A view of the BioFabrication Facility and its ADSEP counterpart.
We can print soft tissues on Earth but gravity is a problem.
WALLOPS ISLAND (VA) – Bioprinting human tissues for implantation in patients to treat injury or disease could be game-changing. However, it’s difficult to print soft tissues on Earth because gravity causes them to collapse under their own weight, and scaffolding is required to keep them upright. To remove this hurdle, researchers are going to the International Space Station (ISS).
When Northrop Grumman’s 18th Commercial Resupply Services (NG-18) mission launches to the ISS, it will carry an upgraded version of Redwire Space’s BioFabrication Facility (BFF), a 3D bioprinter capable of printing human tissue. The project, sponsored by the ISS National Laboratory, will pave the way for in-space bioprinting of tissues (and possibly organs) that could one day help patients back on Earth.
The materials needed to make prints using the BFF will follow on a subsequent flight, and the first tissue the bioprinter will produce is a human meniscus, a protective piece of cartilage between the bones in the knee.
Printed tissues could not only be implanted in patients but also used as models for drug discovery, providing new avenues to test therapeutics. “Using the BFF, we can create true tissue-like structures in a better way and larger than you can terrestrially,” said Rich Boling, a Redwire vice president. “We can also use the BFF to print organoids, which could be used to test drug efficacy and reduce the need for laboratory animals.”
Using a combination of adult human cells and proteins to create human tissues, the BFF dispenses bioinks through four print heads, much like plastic 3D printing. The BFF was first launched to the ISS in 2019, and this upgraded version offers better temperature control to keep the bioinks at the ideal consistency for optimal printing. It also provides new camera views so that ground controllers can better control the prints.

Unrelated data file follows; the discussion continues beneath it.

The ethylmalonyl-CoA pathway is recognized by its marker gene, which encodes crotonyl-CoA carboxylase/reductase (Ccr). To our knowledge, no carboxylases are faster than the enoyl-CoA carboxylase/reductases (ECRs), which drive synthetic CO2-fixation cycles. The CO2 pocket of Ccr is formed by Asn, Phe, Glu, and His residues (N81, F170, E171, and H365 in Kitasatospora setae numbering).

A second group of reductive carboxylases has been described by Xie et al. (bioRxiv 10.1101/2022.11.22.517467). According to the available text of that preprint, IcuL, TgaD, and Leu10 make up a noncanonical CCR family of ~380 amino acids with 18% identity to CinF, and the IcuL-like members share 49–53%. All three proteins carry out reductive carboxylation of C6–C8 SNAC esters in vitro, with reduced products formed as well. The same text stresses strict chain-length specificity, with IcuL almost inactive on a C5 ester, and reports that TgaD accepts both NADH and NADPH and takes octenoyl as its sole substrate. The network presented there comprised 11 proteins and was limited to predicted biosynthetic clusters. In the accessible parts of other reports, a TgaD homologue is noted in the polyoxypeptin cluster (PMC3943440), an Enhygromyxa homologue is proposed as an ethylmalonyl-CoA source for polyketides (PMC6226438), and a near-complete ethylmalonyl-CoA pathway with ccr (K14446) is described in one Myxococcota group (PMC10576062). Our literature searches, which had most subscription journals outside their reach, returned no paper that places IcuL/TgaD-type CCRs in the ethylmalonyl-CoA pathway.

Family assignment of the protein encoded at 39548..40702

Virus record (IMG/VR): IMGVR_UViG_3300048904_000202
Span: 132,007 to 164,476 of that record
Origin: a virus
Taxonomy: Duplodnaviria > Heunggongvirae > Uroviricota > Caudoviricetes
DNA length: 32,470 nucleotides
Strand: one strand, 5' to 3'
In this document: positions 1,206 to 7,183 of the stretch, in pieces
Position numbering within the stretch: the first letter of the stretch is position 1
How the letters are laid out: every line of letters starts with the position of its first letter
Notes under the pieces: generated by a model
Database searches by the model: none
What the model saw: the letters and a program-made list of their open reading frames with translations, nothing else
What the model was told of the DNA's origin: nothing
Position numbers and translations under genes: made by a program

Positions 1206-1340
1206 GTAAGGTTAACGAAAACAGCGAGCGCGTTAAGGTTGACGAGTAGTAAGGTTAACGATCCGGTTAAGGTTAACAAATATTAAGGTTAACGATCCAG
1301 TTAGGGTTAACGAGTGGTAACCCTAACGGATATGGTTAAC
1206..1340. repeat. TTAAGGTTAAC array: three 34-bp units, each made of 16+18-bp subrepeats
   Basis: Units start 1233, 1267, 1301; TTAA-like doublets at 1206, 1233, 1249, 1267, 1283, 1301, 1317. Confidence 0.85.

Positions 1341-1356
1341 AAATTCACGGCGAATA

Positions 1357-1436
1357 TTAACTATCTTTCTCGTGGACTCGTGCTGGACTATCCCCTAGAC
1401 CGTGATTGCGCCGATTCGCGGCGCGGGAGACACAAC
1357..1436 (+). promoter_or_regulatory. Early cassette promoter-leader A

Researchers on Earth have had some success in printing rigid human tissues like bone and cartilage, but soft tissues and blood vessels have proven to be much more difficult to print. That’s due to a combination of Earth’s gravity and the low viscosity of the bioinks used, which require scaffolding for the printed tissues to hold their shape. However, in the absence of gravity, scaffolding is no longer needed for printed structures to keep their correct shape, and the prints can be cured into tissues that could one day be implanted into patients on Earth.
Redwire says the secret ingredient to their success is the BFF’s counterpart, the Advanced Space Experiment Processor (or ADSEP). This adjoining processing facility on the ISS is responsible for culturing and conditioning the cells once they are printed inside the BFF.
The BFF/ADSEP system also enables chemical and mechanical stimulation and potentially even vascularization of the tissues printed. The printed tissues can then be used to create models for drug discovery and to test novel therapies. Printed tissues could even eventually help address the organ shortage.
NG-18 is targeted for launch no earlier than November 6 at 5:50 a.m. EST. The mission will include more than 20 ISS National Lab-sponsored payloads.